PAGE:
3. Progress Report:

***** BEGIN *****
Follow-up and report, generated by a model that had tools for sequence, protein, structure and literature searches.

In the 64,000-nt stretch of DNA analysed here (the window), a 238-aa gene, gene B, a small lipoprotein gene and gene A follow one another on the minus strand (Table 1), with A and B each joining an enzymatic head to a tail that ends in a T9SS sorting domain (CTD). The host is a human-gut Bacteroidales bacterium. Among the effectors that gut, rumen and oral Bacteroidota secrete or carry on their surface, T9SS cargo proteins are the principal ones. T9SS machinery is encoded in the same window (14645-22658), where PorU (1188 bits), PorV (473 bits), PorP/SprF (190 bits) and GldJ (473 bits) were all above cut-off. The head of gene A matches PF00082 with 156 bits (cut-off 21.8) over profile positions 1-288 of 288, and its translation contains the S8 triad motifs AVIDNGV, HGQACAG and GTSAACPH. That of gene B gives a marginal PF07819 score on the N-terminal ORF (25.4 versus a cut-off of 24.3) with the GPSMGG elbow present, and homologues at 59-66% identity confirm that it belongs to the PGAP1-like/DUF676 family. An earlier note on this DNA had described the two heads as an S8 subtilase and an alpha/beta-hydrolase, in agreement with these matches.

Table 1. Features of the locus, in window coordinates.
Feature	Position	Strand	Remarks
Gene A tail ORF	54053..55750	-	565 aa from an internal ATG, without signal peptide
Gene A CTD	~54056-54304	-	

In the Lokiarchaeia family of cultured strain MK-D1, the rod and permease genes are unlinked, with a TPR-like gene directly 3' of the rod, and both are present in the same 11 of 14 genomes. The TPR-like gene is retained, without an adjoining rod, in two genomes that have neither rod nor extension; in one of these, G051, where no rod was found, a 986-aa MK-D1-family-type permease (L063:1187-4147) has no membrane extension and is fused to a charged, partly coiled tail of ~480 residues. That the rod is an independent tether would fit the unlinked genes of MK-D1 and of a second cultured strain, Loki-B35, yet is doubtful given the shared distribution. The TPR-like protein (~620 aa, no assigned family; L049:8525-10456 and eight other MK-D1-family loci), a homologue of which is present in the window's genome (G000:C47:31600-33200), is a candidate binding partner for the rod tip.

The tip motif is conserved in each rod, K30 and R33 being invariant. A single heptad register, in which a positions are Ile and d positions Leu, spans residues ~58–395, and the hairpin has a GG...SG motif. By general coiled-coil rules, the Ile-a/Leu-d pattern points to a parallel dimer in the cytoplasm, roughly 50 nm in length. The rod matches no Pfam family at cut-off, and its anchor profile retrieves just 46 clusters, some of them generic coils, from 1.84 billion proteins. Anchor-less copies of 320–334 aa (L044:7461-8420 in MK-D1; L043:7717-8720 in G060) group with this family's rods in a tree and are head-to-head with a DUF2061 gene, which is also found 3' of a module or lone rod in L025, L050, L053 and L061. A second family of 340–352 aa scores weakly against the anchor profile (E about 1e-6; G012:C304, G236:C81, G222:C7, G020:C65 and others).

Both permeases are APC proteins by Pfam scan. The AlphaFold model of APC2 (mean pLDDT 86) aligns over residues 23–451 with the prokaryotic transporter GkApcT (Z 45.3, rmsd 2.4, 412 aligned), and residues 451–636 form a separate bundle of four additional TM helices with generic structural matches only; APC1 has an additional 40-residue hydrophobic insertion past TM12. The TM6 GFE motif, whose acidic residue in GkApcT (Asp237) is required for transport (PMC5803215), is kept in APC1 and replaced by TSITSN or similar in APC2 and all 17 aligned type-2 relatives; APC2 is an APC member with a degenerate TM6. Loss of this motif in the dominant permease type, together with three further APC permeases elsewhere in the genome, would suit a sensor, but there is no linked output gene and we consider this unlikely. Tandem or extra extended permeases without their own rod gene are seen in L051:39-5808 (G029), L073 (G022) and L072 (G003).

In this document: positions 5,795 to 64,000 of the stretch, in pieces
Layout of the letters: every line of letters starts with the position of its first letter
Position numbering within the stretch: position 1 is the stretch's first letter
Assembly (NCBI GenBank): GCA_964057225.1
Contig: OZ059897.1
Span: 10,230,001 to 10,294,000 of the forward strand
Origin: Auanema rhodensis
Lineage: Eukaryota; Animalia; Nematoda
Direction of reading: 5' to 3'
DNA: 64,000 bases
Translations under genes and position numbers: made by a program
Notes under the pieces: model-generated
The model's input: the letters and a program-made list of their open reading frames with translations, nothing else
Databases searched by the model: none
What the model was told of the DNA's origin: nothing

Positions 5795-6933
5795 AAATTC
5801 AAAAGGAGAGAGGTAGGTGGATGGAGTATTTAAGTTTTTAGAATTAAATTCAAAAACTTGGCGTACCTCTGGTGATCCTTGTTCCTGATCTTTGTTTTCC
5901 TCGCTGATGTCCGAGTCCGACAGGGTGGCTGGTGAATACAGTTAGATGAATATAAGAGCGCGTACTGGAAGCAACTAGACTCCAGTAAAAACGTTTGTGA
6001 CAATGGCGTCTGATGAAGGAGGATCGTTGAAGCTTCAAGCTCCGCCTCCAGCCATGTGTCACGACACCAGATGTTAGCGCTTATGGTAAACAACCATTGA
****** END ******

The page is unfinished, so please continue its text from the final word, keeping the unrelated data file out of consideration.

The goal of this project is to develop accurate methods for the detection and identification (ID) of pathogenic (harmful), foodborne bacteria. Prerequisite is the need to maintain the very factors/biomarkers/determinants that uniquely distinguish bacterial species/strains. Typically, successful detection/ID necessitates concentration via physical means (e.g., filtration) or increasing the number of factors through cell growth or a genetic material amplification process (PCR; polymerase chain reaction). Also, accurate detection/ID requires that any growth, isolation (e.g., from food samples), or manipulation does not alter the unique factors. Researchers at ARS in Wyndmoor have developed a fast method for separating and concentrating bacteria from foods using leukocyte removal filters (commonly used in hospitals for blood component separation). We have optimized the extraction of unique DNA factors using in-house developed reagents. A simple, economical, and highly reliable test using select organic dyes was developed to promote the rapid detection and isolation of the pathogenic bacteria, Yersinia species (spp.). In collaboration with scientists from Purdue University, a database of scan patterns generated by the BARDOT (bacteria rapid detection using optical scattering technology) system was created for the rapid ID of the pathogenic bacteria, Campylobacter spp., however, sporadic results for some Campylobacter spp. will improve with a newer version of BARDOT. In collaboration with FDA, a multiplex qPCR (quantitative PCR) method was developed for the detection of E. coli O157:H7, and Listeria monocytogenes in soft cheeses. With culture enrichment, quantitation of bacteria with a rapid method (e.g., qPCR) is impossible unless a technique known as MPN (most probable number—a quantitative technique based upon dilution to the point that no bacterial cells exist and therefore some diluted samples exhibit no growth… back calculation is performed to determine initial sample cell concentration) is concomitantly used. qPCR-MPN was employed with Campylobacter spp., but we found that approx. ¼ of the results were problematic due to the non-random distribution of the bacteria in fat-laden chicken wash samples. In-silico studies were conducted to assess the feasibility of the proposed Restriction Fragment Sequence Polymorphism (RFSP) method for typing foodborne pathogens. Several hundred commercially available restriction enzymes (biomolecules that can cleave DNA, or RNA, at specific sequence locations) were assessed with approx. 100 sequences of organisms currently in the CDC’s PulseNet PFGE (pulsed-field gel electrophoresis) database. Discrimination between bacteria was poorer using RFSP than by PFGE. Therefore, further pursuit of the RFSP approach is not recommended. In-silico studies were also conducted on Double Restriction Fragment Length Polymorphism methods. Preliminary results indicate that this is a promising approach and that a few combinations of restriction enzyme pairs could provide discriminatory power comparable to or better than PFGE.